Last week I was visiting with John, a fellow business owner who had discovered that one of his key employees (Chris) had been adding overtime hours on his time card that he hadn’t worked. John was beside himself, this wasn’t the first time Chris had been reprimanded for stealing; the last time it was for taking scrap material.
Chris performed a critical task in John’s production process. Except for John, Chris was the only person in the company who had ever held that position. John felt like he was over a barrel. He couldn’t fire Chris or he’d jeopardize shipping dates for important customers.
“What does your employee manual say about theft?” I asked. “Because that’s what Chris is doing when he adds hours to his time card; he’s stealing from you.”
“I don’t have an employee manual.”
“Well, what did you tell Chris when you reprimanded him for stealing scrap material?”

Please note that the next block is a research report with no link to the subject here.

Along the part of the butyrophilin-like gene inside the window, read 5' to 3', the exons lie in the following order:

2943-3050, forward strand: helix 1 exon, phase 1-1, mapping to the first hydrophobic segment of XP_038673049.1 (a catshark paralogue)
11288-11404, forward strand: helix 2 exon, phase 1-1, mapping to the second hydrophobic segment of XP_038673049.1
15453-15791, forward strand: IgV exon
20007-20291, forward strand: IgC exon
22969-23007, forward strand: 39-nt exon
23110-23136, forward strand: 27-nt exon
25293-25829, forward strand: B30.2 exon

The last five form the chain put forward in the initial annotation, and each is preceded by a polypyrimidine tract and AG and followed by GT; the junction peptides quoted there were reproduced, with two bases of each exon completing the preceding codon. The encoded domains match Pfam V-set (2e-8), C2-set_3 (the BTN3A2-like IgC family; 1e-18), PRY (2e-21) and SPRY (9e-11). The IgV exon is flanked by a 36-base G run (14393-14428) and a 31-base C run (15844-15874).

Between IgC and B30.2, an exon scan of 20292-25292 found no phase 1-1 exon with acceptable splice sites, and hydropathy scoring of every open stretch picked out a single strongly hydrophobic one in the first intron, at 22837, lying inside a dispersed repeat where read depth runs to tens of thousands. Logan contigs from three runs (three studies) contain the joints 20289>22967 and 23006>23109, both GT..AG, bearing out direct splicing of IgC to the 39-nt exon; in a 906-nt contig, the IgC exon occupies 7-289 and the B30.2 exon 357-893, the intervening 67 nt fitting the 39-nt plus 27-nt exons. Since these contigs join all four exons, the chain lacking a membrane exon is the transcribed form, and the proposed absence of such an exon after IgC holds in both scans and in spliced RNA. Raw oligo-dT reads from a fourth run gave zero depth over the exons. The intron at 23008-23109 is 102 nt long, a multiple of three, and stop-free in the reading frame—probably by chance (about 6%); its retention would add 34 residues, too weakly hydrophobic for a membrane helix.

“I told him theft was a fire-able offense and the next time he’d lose his job.”
“It doesn’t look like you’ve got much choice,” I pointed out.
“But you don’t understand; Chris is crucial to my process! I can’t fire him,”John protested.
“What if Chris got hit by a bus tomorrow and didn’t come to work. What would you do then?”
John thought for a minute and said, “I guess I’d have to go back on the floor and figure out that process; then I’d train someone else how to do it.” “I think you’ve got your answer John. You have to take action; chances are other employees know Chris is cheating on his time card. If you don’t do something, morale will suffer and you’ll lose the respect of your employees.”
“You’re right. I have to fire Chris,” John agreed.
In parting I reminded John that his industry association has a sample handbook for members. Having clear, written rules protects you in the event that the employee decides to sue you for wrongful discharge.
There are a couple lessons to be learned from John’s experience.
• First, never have any job that doesn’t have a trained back-up, especially one that’s critical to your process.
• Second, make sure you have an employee handbook and that each individual hired gets a copy and signs a receipt stating they received it.
Your attorney will thank you.
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“Remember that failure is an event, not a person. Yesterday ended last night..”